The COVID-19 pandemic has brought a wide array of complications into our lives. Anxiety, uncertainty, and social isolation have presented immense challenges to our mental health and psychological well-being. In addressing these needs, approaches vary widely. How can we make sense of the different schools of thought within clinical psychology? And how do these relate to underlying psychological phenomena, such as mental flexibility, mindfulness, and impulse control?
To help us better understand these issues, we turn to Diana Hill, Ph.D. Dr. Hill is a clinical psychologist in private practice in Santa Barbara, CA, where she provides therapy, high-performance coaching, and training to mental health professionals in acceptance and commitment therapy (ACT). She is a co-host of the popular psychology podcast Psychologists Off the Clock and the author of ACT Daily Journal: Get Unstuck and Live Fully with Acceptance and Commitment Therapy.
One of the core aspects of the ACT framework is psychological flexibility. How do you define psychological flexibility?
Psychological flexibility is your capacity to stay present, open up to your full experience, orient towards what matters to you, and then take steps in the direction of your values, even in the face of obstacles.
Research on psychological flexibility and ACT has skyrocketed in the last decade and is showing that being psychologically flexible is helpful not only for your mental health but also for being an effective partner, parent, athlete, and leader.
And during COVID, those who were more psychologically flexible had fewer effects of stress spill over onto their families and showed lower levels of depression and anxiety. Psychological flexibility helps you be able to adapt to challenging circumstances while staying aligned with your values.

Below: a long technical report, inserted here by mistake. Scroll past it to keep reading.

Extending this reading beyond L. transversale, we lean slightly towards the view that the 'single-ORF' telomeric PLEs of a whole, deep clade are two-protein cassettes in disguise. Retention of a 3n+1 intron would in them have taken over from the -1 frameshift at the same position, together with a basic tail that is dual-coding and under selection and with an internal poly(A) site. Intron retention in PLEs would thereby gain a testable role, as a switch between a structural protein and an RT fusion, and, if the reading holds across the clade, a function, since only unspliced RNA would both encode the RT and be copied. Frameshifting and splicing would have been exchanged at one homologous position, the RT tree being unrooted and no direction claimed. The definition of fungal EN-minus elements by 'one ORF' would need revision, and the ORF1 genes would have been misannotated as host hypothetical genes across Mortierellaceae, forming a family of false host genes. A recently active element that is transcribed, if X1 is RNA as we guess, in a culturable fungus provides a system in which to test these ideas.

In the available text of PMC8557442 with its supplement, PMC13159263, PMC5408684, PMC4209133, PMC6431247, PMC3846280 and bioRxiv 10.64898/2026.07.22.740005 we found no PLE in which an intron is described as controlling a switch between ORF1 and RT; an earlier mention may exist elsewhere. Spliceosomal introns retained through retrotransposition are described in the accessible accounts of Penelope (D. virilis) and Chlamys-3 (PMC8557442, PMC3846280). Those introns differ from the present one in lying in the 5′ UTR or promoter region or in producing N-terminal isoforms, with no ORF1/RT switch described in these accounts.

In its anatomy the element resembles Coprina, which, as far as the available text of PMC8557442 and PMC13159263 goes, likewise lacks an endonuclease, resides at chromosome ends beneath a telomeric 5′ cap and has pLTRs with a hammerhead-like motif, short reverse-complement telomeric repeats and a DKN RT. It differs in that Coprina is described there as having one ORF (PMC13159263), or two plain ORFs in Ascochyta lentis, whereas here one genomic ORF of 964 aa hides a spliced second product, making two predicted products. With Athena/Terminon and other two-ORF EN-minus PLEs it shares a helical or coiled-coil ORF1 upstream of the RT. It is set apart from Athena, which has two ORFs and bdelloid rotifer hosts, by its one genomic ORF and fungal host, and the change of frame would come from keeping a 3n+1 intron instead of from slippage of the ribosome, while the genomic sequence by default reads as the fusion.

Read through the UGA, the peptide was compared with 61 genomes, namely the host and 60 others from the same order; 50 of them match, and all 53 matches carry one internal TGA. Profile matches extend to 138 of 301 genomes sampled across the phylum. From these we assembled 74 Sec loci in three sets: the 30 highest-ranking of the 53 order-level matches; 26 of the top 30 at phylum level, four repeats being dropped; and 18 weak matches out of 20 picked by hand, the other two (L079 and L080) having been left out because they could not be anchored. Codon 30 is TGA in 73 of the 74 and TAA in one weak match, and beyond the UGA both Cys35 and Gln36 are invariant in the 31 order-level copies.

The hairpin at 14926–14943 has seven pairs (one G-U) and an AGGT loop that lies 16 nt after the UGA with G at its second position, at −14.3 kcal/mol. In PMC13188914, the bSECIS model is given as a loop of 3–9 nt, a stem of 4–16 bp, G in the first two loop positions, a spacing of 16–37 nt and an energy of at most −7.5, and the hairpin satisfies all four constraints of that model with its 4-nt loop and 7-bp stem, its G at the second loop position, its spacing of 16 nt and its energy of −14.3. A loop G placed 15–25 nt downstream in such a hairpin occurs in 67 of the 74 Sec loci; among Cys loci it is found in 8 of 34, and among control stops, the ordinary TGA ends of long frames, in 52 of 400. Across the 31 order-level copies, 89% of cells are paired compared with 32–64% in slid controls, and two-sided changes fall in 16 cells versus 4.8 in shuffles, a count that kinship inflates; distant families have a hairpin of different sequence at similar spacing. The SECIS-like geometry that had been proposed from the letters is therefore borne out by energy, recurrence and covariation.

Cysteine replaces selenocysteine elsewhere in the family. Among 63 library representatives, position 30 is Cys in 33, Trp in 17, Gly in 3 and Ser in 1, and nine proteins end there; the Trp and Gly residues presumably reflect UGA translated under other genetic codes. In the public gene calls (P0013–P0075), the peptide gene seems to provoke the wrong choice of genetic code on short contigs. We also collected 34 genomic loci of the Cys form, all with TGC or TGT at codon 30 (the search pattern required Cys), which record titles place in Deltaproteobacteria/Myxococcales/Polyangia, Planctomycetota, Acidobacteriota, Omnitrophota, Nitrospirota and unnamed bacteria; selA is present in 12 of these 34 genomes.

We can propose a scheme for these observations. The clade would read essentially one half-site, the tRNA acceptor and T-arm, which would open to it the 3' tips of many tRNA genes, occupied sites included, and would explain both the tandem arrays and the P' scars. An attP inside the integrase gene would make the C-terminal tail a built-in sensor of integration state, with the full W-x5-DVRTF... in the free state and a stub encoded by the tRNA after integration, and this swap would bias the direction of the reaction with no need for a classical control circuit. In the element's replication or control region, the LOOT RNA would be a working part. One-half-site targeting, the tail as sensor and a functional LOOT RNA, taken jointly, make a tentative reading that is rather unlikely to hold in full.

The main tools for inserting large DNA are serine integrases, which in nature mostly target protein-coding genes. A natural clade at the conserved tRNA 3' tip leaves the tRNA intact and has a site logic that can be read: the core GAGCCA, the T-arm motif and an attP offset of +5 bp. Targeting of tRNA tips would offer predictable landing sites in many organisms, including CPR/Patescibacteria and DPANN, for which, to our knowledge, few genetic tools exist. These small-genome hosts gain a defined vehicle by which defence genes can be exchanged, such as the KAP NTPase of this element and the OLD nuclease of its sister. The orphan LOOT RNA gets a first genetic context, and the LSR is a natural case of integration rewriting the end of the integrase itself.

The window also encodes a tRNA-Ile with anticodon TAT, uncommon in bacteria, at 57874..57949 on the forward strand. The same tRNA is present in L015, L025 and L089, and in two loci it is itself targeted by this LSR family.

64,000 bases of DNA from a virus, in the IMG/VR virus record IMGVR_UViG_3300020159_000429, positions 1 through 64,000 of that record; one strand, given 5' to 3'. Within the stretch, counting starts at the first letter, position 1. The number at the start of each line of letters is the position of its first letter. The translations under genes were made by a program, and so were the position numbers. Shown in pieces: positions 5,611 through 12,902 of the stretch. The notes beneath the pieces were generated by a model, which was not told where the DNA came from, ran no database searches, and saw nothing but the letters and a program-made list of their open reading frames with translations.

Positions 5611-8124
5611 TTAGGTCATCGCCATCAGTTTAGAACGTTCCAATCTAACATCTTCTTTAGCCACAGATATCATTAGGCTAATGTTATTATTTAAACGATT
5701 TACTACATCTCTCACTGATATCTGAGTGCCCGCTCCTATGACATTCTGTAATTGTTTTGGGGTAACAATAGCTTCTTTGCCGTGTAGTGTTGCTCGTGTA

How does ACT relate to psychological flexibility?
ACT teaches skills to help you develop your psychological flexibility. There are six core processes that work together to help you respond more effectively to life’s challenges. They include:
Cognitive defusion: Your ability to step back from your thoughts as opposed to being entangled in them.
How do you see the relationship between ACT and traditional cognitive behavioral therapy?
Unlike traditional cognitive-behavioral therapies, ACT does not try to change thoughts or get rid of bad feelings; rather, it helps you relate to them differently. There’s a good amount of evidence on thought and emotion suppression that the more you try to get rid of a thought or feeling, the more it tends to rebound.
Anyone who’s been on a diet has had this experience. The more you try not to think about the cookies in your cabinet, the bigger they become in your mind. This is called the paradox of thought control. The core processes of ACT work together so that you can have your thoughts and feelings without getting caught up in them or spending your time trying to get rid of them. In ACT, you hold your inner experiences with awareness, but also lightly so that you can move freely toward what you care about.
How have you come to think about ACT in relation to mental health more generally?
The idea of acceptance is closely related to a lot of the mental health problems that we have. Consider, for example, a mental health concern like Obsessive-Compulsive Disorder (OCD), which is typified by having obsessive thoughts. But when we look deeper, we all have unusual thoughts like this from time to time. Things that pop into our heads that are inappropriate for the context or that violate a social norm. And you think to yourself, “Oh, I shouldn’t have had that thought right now.” This happens to all of us.